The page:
Early marijuana sales program in Oregon wins final legislative approval – OregonLive.com
Oregon adults will be able to purchase limited amounts of marijuana starting Oct. 1 — three months after possession became legal — under a bill that won final legislative approval on Thursday.
The House approved the temporary “early sales” program on a 40-19 vote and sent it to Gov. Kate Brown for her signature. If she signs the bill, Oregon will have the quickest retail start for any of the four states that have legalized recreational use of the drug.
In Colorado and Washington, the first two states to legalize marijuana, retail sales didn’t start until at least a year after possession became legal. In Alaska, legal possession started in late February but retail sales aren’t expected to start until 2016.
Backers of Senate Bill 460 said they wanted retail sales to start as soon as possible to keep newly legal consumers from turning to the black market. Possession became legal on Wednesday and people 21 and older are now allowed to have up to one ounce in public or eight ounces at home, and they can grow up to four plants.
Under SB 460, medical marijuana dispensaries will for the first time be allowed to sell to adults who don’t have a medical marijuana card. However, these recreational consumers would be limited in what they could buy.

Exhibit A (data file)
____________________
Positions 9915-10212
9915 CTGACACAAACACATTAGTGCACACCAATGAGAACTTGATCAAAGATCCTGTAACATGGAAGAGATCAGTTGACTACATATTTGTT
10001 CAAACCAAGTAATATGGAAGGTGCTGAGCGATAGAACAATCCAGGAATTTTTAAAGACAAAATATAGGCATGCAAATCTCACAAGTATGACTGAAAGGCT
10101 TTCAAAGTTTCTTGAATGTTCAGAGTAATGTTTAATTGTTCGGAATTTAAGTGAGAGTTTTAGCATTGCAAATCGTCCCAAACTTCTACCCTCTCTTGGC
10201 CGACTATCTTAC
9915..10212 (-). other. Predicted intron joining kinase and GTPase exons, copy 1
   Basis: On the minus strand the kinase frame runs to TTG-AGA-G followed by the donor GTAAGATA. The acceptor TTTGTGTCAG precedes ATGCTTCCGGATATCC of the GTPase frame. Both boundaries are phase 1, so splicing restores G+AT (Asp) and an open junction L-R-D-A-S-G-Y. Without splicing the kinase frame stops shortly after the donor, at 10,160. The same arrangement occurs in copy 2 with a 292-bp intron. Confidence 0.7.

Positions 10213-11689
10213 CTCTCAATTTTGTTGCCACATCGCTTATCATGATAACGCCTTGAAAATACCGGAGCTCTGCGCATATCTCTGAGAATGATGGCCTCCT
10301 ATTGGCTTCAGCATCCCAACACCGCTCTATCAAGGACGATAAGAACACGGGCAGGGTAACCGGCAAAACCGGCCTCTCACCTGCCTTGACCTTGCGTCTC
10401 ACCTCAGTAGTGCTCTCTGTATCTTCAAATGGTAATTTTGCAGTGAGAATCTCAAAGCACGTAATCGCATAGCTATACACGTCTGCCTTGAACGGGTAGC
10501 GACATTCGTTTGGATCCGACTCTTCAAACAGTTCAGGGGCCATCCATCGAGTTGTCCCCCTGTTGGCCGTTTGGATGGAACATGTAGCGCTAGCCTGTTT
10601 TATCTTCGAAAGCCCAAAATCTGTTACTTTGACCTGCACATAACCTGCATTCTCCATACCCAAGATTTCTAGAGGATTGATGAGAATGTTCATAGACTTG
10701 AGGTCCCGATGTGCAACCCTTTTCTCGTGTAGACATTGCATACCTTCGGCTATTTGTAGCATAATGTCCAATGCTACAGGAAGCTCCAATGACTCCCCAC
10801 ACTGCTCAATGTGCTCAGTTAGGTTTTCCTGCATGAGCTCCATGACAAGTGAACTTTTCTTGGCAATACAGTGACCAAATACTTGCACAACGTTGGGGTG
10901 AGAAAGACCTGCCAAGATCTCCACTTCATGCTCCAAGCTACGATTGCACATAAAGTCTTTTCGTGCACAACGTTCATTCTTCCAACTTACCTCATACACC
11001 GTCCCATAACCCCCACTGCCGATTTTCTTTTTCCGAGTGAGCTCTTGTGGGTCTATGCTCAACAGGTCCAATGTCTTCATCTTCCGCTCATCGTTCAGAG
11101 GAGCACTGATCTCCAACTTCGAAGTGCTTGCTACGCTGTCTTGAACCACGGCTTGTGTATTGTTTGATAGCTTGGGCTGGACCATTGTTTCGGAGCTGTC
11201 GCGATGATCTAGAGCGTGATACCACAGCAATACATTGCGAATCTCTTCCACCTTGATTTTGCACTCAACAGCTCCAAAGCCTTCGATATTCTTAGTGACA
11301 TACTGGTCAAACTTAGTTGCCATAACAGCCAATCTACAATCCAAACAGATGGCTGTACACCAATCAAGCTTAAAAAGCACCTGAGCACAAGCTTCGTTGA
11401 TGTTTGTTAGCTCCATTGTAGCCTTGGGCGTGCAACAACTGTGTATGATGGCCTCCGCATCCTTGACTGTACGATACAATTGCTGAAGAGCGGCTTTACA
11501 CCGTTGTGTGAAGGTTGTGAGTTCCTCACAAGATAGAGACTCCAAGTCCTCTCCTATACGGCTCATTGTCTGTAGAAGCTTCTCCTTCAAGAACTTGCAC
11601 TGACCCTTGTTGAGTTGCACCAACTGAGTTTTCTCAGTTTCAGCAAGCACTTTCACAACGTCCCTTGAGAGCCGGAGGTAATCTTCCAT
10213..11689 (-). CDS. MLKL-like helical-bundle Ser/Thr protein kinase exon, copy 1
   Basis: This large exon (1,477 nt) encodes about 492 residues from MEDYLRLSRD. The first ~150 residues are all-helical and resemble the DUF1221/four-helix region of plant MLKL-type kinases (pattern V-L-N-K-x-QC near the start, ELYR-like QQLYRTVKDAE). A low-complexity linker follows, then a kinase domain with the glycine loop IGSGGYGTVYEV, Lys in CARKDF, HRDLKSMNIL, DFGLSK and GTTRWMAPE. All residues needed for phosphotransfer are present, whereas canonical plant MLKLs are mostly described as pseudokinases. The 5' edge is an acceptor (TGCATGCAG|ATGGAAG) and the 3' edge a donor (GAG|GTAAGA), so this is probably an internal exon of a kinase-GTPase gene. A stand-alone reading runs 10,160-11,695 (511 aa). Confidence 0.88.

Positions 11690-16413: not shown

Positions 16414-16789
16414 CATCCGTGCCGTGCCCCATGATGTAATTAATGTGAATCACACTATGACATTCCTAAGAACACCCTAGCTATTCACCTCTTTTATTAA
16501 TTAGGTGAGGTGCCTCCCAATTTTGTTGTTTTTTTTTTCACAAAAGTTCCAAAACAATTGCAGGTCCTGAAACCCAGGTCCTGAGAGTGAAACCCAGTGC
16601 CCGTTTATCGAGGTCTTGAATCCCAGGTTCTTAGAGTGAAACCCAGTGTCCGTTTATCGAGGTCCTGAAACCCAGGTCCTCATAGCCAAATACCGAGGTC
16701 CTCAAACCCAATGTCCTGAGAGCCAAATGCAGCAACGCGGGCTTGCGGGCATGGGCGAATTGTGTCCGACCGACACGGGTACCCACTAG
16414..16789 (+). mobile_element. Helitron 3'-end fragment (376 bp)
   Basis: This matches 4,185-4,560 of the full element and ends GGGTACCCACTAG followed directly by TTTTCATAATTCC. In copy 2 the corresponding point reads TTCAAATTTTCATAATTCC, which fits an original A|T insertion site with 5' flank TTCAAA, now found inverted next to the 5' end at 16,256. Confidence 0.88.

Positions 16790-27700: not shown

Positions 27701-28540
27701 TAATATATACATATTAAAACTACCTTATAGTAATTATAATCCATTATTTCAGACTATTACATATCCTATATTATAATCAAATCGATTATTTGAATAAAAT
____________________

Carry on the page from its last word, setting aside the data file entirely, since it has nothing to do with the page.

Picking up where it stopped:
Dispensaries could sell up to one-quarter ounce of dried marijuana to a recreational consumer per day, as well as seeds and up to four immature plants. They won’t be allowed to buy extracts, cannabis-infused edibles and a wide range of other products available to medical marijuana patients.
Pressure for some kind of temporary sales program grew after the Oregon Liquor Control Commission said it would not be ready to license retailers for recreational sales until the latter half of 2016.
With such a long lag time, “we incentivize the black market it we leave this unaddressed,” said Rep. Andy Olson, R-Albany.
The number of dispensaries around the state has grown rapidly since the state started licensing them a year ago. Much of the growth comes from investors planning to shift over to exclusively serving recreational users once the OLCC starts licensing retailers. In the meantime, many dispensary owners pushed legislators to allow the early sales, saying it would be an economic lifeline for them.
Cities and counties would have the power to prohibit early sales at the dispensaries — and many communities have already taken steps to keep out dispensaries altogether.
The Oregon Health Authority has issued more than 300 permits for dispensaries around the state, and some 270 are in operation.
Under a separate measure that has also been sent to the governor, House Bill 2041, there will be a 25 percent tax on marijuana sold under the temporary program.
However, the tax won’t start until Jan. 4, opening the window for tax-free cannabis shopping in the last three months of the year.
“We are giving recreational users another reason to stop going to the black market,” said Olson.
The measure was opposed by 17 Republicans and two Democrats.